If you're attending the 2013 URJ Biennial in San Diego this December I hope you'll come by Kikar Biennial (the "town square") and see me working on a new papercut (as well as sharing photos of recent work and other information). I'm proud to have been selected as the 2013 artist-in-residence, and am creating a new piece designed specifically for Biennial. Protective eyewear will not be required.

On Wednesday, December 11, from 2:35-3:05 pm I'll be doing a "meet and greet," and I've got guaranteed scheduled cutting time from 12-2 pm on Thursday and 12:15-1:45 pm on Friday – but I'll be around more than just that, and I look forward to meeting you; please come by the table and say "hi."

And on Saturday, December 14, I'll be leading a workshop for those of you who want to put knife to paper with me; details here.

Sunday, November 17, 2013


This papercut is called "Treehugger," and it was created as a gift for Ruben Arquilevich, Senior Camp Director of URJ Camp Newman. Last night we held an event to honor him and camp leadership.

URJ Camp Newman Advancement Director Ari Vared
presents "Treehugger" to Ruben Arquilevich.

The piece is inspired both by Ruben's love of nature and the way he expresses it through camp leadership. Tucked within the branches, in addition to the imported papers and cut-up comic books, is a snippet of text from the Torah (a book that had been destined for the genizah wound up in my hands first!) – it references his biblical namesake, but also the lineage of Jacob – that is, the children of Israel. This, for the "dor l'dor" nature of camp, and for the way it nourishes continuing generations of Jewish kids.

Sunday, November 10, 2013

Welcome aboard, Gabriel!

Yesterday we welcomed a new member of the Jewish community – Gabriel Max Roher-Smith – with a ritual brit at the home of his parents. I was pleased to be able to make this papercut marking the date of his birth and to present it to his parents at the simcha.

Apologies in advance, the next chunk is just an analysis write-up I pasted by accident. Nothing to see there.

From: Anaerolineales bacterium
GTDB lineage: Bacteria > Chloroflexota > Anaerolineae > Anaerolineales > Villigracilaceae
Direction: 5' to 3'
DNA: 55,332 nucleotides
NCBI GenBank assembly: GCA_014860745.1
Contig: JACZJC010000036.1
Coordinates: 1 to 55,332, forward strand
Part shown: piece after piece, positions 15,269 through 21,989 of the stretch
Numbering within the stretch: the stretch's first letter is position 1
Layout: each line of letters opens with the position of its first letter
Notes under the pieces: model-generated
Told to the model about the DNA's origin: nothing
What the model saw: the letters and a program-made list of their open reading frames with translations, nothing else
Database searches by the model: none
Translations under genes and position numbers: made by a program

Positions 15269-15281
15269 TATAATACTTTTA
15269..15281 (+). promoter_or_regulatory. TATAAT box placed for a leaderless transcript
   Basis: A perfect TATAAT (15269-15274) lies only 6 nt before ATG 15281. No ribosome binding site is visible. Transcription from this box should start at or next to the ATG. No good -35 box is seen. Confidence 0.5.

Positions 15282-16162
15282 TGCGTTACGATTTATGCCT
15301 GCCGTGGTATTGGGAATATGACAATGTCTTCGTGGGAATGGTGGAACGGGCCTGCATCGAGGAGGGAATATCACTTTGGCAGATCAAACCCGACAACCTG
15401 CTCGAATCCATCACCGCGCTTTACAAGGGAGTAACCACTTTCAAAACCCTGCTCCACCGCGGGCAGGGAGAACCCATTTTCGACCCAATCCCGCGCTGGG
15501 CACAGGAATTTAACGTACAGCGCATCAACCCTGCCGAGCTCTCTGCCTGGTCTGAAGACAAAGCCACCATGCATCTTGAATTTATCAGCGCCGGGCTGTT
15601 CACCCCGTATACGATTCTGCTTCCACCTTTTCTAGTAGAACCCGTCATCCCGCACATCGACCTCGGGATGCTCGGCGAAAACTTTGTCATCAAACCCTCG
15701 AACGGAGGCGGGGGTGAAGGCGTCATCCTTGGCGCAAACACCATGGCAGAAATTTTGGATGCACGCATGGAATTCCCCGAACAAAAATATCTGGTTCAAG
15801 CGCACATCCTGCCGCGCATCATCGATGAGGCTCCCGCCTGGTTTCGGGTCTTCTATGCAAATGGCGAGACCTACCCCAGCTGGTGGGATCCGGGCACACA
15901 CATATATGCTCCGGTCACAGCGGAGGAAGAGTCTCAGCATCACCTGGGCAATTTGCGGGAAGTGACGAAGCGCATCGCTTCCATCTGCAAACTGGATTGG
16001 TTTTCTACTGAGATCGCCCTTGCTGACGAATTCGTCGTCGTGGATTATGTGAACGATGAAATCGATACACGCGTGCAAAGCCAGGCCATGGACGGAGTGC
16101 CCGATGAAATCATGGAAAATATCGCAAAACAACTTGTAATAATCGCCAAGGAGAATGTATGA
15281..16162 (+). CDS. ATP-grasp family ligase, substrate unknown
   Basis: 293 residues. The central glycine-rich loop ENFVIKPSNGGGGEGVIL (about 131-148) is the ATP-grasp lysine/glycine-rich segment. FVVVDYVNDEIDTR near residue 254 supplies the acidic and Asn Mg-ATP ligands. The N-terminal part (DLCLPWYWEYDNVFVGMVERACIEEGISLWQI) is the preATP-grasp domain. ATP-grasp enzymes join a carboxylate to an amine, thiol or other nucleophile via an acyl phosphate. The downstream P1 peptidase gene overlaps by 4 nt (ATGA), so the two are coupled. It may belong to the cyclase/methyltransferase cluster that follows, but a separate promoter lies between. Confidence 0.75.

The rainbow bands are made of cut-up comics featuring (in descending order) Spider-Man, The Thing, Kid Flash, Hulk, and Superman.

Thursday, November 7, 2013

Corrie Siegel's papercuts at AJU

I'm not the only papercutter with work in the "Sacred Words, Sacred Texts" exhibition going on now through the end of December – Corrie Siegel (who also created the theme map artwork for the show) has some beautifully fragile pieces at AJU.

As she describes the work, "These cut paper works are created through overlaying text in a matrix to obscure the original message and reveal a pattern composed of symbols.The intricate detail work is inspired by micrographic texts by Hebrew scribes who sculpt, skew and stretch letters to create dynamic and textured compositions. Through using the form of a traditional Jewish paper-cut, these loaded texts are abstracted and cut into fragile lace."

You can see more of Corrie's work on her website.

Thursday, October 31, 2013

"Sacred Words, Sacred Texts" review
in the Jewish Journal

This week's Jewish Journal has a great review of the "Sacred Words, Sacred Texts" group exhibition.

"Brynjegard-Bialik’s beautiful pieces, which weave in images from comic books to create mythic takes on Torah and the Jewish experience, breathe new life into the ... art of paper cutting."